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‘Speak the Speech, I pray you’. Overcoming nerves and the language of rhetoric. Context. ACKNOWLEGE: For most public speaking will be challenging NORMALISE:

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Speak the speech i pray you

‘Speak the Speech, I pray you’

Overcoming nerves

and the language of




  • For most public speaking will be challenging


  • Don’t expect them to speak without having some nervousness. In fact, some anxiety is usually helpful to motivate higher performance.

  • Discuss managing anxiety. What ideas they have for coping with public speaking anxiety


  • You have the capacity to speak even though they feel afraid

Practice practice practice
Practice, Practice, Practice!

  • Even people who are comfortable speaking in public tend to rehearse their speeches many times to get them just right. Practicing your speech 10, 20 or even 30 times will give you confidence in your ability to deliver. If your talk has a time limit, make sure to time yourself during practice runs and adjust your content as needed to fit within the time that you have. Lots of practice will go a long way toward boosting your self-confidence.

Get some perspective
Get Some Perspective

  • This might be particularly difficult for people with social anxiety, as it involves observing yourself while you are speaking. During one practice run, speak while in front of a mirror or have a friend run a videotape. Make note of how you appear. This is a good way to identify nervous habits. If, however, you feel that doing this exercise would just make you more nervous -- skip it for now. People with social anxiety need to learn how to focus outward rather than on themselves. This step is probably best done once you have a few successful performances under your belt.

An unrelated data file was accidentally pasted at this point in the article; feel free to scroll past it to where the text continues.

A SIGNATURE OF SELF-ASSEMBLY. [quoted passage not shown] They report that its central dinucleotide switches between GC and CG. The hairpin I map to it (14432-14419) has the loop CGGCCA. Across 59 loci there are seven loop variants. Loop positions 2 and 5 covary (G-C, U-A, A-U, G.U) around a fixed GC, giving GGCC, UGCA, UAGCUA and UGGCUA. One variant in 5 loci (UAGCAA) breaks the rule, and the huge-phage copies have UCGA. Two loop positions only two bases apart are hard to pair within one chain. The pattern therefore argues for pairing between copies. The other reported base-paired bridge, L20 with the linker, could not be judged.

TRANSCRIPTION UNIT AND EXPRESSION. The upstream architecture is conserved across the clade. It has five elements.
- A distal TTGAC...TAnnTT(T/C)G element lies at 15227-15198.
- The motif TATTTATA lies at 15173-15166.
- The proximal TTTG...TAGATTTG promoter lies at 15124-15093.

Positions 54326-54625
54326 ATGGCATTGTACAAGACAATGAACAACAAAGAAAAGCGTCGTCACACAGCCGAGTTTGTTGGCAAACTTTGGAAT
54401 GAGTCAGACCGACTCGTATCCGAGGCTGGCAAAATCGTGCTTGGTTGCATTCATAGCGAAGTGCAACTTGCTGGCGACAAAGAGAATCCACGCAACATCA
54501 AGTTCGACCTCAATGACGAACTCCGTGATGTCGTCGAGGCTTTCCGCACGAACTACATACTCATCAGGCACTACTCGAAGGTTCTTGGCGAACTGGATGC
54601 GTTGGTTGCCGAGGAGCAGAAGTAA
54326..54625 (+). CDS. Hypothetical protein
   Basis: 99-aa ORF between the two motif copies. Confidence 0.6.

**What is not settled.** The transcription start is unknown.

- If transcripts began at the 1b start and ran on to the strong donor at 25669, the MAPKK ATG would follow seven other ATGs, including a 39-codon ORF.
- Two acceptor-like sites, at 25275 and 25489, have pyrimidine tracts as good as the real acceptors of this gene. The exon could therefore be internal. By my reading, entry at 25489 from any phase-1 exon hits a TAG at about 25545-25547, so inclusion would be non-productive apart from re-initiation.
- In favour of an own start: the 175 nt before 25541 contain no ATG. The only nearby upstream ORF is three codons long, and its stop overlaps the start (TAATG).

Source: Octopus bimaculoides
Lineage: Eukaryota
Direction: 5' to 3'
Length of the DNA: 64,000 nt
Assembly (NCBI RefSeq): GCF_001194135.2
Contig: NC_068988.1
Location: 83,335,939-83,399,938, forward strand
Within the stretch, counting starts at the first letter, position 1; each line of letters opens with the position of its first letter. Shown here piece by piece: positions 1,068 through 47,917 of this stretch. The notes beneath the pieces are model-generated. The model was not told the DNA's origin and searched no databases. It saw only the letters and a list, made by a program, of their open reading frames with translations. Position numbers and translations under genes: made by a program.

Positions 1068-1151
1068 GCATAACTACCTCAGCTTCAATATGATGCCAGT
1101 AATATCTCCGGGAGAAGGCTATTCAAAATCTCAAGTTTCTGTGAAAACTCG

Imagine yourself succeeding
Imagine Yourself Succeeding

 Our brains are funny organs -- they can’t tell the difference between an imagined activity and a real one. Elite athletes use this form of visualization to improve athletic performance. As you practice your speech (remember 10, 20 or even 30 times!) imagine yourself wowing the audience with your amazing oratorical skills. Over time, what you imagine will be translated into what you are capable of. Not sure whether this would really work? Well, let’s consider the opposite. If you imagine giving a horrible speech and having terrible anxiety -- what do you think is going to happen? The cycle of anxiety is as much a self-fulfilling prophecy as it is a reaction to an event. Learn to visualize success and your body will follow suit


  • Getting daily exercise can help to keep anxiety at bay, and a good run or cardio workout in the morning of the day of your speech will keep your endorphins running high and anxiety levels low.

Eye contact
Eye contact

  • When you have good eye contact with your audience, they will feel more connected to what you are saying. If looking into the eyes of strangers feels uncomfortable, have three or four friends positioned throughout the room and rotate your gaze amongst them while you speak. If you are comfortable looking around at the audience, try to gauge whether they are keeping up with you or if you need to slow down or explain things in more detail.


  • Alliteration

  • Anaphora

  • Hyperbole

  • Metaphor

  • Simile

  • Pause

  • Clear structure

  • Maintain focus

  • Rhetorical questions

  • Answer the Q

  • Eye contact

  • Avoid reading notes

  • Annunciation

  • Practise stumbling parts

  • Enjoy the speech